Just what is it that makes Philadelphia such a darned soulful city? Is it all that brotherly love floating around, or the deep funk fermented by undying Phillies fandom? All the cholesterol in those cheesesteaks, maybe? Whatever the case, the city has a profound and enduring musical legacy, from Sun Ra to T.S.O.P., Grover Washington Jr. to Khan Jamal. Here, three tight homeboys have distilled the essence of the Philly legacy down into one insanely funky disc that commands repeat listenings.
Those who are familiar with Uri Caine only as an avantist acoustic pianist, or Christian McBride as the neo-bop acoustic bassist of choice, will be blissfully surprised by The Philadelphia Experiment. Teamed with Ahmir Thompson, drummer for hip-hop titans The Roots, the band explores the depth and breadth of funky soul as it hasn't been heard in years. The freshness of their approach, and the many chances taken, breathe new life into a potentially stale musical form. Guest spots by guitarist Pat Martino, cellist Larry Gold and trumpeter John Swana boot several tracks to higher levels.
The opening track begins as sort of an odd-man-out, Caine's rippling electric piano setting a somber mood behind Martino's cool lines and Swana's '70s-Milesian tone. For a moment the tune sounds like an On The Corner outtake, but things open up and the funk swells overboard in good time. Funk is crowned king on "Grover," where McBride's electric bass is amped up with Mu-Tron "whoomps" a la Bootsy Collins, and Caine grooves like early Zawinul on the electric piano. On the opposite end of the musical spectrum is Elton John's "Philadelphia Freedom," a duo between Caine on acoustic piano and cellist Larry Gold that would sound out of place if it wasn't so letter-perfect. Other tracks include two from the repertoire of hometown fusion favorites Catalyst, Sun Ra's "Calling All Demons" (with Martino as the inarguable star of the show), and Marvin Gaye's "Trouble Man" as a feature for Swana's moody muted horn.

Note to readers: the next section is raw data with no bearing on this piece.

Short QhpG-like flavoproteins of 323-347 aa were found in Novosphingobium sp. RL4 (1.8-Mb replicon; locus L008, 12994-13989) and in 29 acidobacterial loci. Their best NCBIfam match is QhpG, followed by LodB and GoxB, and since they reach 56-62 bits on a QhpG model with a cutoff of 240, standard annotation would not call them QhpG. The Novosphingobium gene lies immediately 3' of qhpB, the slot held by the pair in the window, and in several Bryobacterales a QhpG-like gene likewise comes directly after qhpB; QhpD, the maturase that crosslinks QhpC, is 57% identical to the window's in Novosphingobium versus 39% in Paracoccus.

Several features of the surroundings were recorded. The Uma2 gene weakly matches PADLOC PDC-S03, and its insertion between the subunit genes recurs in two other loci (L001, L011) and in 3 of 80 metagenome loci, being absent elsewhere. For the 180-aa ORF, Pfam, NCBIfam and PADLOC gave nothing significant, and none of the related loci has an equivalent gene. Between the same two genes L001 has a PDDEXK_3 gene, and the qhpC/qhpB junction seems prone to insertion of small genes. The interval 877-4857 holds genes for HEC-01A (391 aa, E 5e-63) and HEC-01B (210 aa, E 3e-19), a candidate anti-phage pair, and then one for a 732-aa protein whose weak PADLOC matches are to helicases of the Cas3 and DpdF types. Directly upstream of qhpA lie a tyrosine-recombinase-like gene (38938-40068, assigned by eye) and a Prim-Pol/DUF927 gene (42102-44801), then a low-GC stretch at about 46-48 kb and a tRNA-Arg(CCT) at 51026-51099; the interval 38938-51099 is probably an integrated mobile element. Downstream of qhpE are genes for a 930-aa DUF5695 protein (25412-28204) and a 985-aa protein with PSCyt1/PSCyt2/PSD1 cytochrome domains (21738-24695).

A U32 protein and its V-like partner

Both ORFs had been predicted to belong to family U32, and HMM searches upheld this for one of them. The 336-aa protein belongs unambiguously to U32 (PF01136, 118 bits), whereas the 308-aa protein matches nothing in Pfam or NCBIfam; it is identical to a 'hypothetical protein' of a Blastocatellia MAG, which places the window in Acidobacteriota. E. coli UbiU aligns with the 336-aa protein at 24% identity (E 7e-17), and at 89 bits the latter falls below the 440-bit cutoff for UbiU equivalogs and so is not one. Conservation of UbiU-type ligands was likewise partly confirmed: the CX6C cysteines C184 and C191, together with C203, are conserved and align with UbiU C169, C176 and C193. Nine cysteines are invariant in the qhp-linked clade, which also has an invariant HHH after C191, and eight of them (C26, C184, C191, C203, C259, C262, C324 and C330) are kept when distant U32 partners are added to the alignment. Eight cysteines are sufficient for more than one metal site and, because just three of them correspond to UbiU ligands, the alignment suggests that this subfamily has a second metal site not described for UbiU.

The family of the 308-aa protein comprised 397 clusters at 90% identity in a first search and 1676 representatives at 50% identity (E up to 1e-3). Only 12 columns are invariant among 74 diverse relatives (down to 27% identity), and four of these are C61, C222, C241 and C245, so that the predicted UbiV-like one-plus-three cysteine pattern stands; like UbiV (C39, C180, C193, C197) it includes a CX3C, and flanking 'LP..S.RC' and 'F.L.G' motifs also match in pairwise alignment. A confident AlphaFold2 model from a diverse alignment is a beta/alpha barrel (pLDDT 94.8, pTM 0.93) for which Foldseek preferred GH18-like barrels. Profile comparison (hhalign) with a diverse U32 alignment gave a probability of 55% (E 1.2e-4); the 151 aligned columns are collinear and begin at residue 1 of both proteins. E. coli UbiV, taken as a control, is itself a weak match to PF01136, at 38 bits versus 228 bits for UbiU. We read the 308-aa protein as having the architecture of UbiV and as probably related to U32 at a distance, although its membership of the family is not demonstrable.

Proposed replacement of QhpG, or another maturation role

There are a couple of sound group improvisations included. "Lesson #4" is a trio jam that flaunts the band's taut interplay and soloing skills. Thompson is here, as always, zeroed right over the pocket. While the liner notes state that "The Miles Hit" is "the sonic equivalent of a Jackson Pollock painting," the track bubbles over with a fiercely organized basal groove that Pollock never quite let emerge. The bass/piano duo "(re)Moved" shows Caine in a more familiar mold, conjuring pinpoint melodic flurries over McBride's fleet, visceral acoustic churning.
The disc closes with two barn-burning solo spotlights. Grover Washington Jr.'s "Mr. Magic" is the last listed track, translated by Caine into a wondrously meditative acoustic piano study. The gospel inflections and ruminative bluesiness add up to one of Caine's best individual works yet. After a couple of minutes of respectful silence, we're treated to a multi-tracked bass rendition of Bill Withers' "Just The Two Of Us." After all, one can't expect McBride to just fade away without one of his trademark ventures into the soul canon, can one? A butt-rockin' thumb-slapped rhythm line supports the high-register fretless melody and handclaps. It's an ideal ending to a surprise-packed, highly successful experiment.
Personnel: Caine, keyboards; McBride, acoustic and electric basses; Thompson, drums; Pat Martino, guitar; John Swana, trumpet; Larry Gold, cello, string arrangements.